Posted by Mark Brousseau
High performing information technology (IT) departments at large companies have hit the ground running following the recent economic downturn, recalibrating their efforts to drive more business value from IT, and leaving their less adroit counterparts playing catch-up, according to new research from Accenture.
While many companies slipped into stagnation mode during the downturn, cutting budgets and focusing primarily on maintenance, high-performing organizations viewed IT as a growth engine for their business and the economic conditions as an opportunity to build capability.
Accenture defines high performers in IT as those that achieve excellence in IT execution, IT agility and IT innovation together, balancing the constant and sometimes opposing demands placed on today’s IT function.
High performers in IT not only manage IT like a business, but run IT for the business and with the business. CIOs at these organizations are engaged in their company’s business strategies and are able to truly map out how IT supports those strategies.
“Our survey found that chief information officers (CIOs) of high performance IT organizations are deeply involved in business outcomes and closely attuned to business needs – current and future – across the enterprise,” said Gary Curtis, Accenture’s chief technology strategist. “They are successfully retiring their legacy systems and embracing newer technologies. They are adept at managing the balance between optimizing costs and ensuring that they have the budget, skills, and resources to help fuel business growth.”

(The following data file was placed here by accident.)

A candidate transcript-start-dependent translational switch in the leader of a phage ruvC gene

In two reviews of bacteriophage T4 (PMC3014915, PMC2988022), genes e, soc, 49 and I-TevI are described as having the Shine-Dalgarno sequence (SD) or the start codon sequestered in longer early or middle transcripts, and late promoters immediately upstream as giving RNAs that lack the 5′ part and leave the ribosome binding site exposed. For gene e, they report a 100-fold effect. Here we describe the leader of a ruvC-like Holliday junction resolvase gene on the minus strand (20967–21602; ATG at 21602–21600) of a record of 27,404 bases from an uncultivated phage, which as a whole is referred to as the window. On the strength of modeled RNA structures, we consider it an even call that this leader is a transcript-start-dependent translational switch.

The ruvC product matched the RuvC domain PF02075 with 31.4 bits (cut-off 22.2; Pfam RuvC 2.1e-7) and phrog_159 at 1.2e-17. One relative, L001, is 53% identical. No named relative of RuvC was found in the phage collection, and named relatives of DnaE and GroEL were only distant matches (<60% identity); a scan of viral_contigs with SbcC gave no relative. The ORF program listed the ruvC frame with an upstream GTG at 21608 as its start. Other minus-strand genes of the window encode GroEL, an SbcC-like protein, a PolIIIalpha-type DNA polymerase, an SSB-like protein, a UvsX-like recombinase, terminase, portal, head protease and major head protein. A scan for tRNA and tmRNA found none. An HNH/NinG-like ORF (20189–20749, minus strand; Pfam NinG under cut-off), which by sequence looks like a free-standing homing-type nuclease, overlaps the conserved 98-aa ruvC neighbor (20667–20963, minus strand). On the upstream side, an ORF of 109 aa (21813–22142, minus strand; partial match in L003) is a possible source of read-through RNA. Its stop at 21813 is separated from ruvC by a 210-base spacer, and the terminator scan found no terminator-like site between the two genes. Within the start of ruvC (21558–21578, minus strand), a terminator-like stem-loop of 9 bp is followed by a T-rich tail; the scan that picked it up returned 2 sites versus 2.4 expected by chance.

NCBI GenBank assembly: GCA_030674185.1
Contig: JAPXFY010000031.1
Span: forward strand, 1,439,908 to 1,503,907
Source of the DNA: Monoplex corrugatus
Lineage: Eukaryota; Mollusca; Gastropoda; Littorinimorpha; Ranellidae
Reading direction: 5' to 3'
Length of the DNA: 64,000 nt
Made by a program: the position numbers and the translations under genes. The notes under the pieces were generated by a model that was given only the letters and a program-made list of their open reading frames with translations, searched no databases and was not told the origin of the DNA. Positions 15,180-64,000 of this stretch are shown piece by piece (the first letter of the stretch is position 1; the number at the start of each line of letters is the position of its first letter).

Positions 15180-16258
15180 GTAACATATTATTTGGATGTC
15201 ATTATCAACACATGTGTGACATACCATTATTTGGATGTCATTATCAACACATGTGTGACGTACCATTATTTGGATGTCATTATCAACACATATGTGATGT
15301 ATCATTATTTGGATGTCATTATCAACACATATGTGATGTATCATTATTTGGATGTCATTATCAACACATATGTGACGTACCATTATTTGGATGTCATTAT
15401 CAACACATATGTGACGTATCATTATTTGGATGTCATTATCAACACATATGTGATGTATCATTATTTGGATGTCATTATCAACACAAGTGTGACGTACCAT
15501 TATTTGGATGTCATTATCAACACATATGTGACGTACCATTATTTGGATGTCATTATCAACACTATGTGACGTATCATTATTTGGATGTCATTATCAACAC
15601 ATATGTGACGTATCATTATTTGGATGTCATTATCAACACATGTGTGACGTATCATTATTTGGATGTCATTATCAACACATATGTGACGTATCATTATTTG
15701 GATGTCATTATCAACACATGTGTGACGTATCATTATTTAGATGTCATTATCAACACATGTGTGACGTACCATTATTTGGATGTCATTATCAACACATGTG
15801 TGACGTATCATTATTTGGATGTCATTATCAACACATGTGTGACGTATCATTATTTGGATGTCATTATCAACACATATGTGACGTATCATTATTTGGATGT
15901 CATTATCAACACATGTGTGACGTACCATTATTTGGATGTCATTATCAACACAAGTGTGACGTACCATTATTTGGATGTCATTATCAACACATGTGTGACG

The research also found that high performers don’t just do a few things well; they excel across the board when compared to lower performing IT departments. Some examples:
... They have web-enabled 42 percent more of their customer interactions and 93 percent more of their suppliers’ interactions ;
... They are 44 percent more likely to recognize the strategic role IT plays in increasing customer satisfaction;
... They are eight times more likely to measure the benefits realized from IT initiatives;
... They spend 29 percent more annually on developing and implementing new applications rather than on maintaining existing ones; and
... They are twice as likely to view workforce performance as a priority by addressing challenges such as an aging workforce and collaboration, as well as developing technical and soft skills (business knowledge, relationship management)
“High performing IT departments are powerful drivers of value for their organizations – not simply keeping the lights on, but promoting technology initiatives that power innovation and enable the IT organization to function as a business,” said Curtis.
What do you think?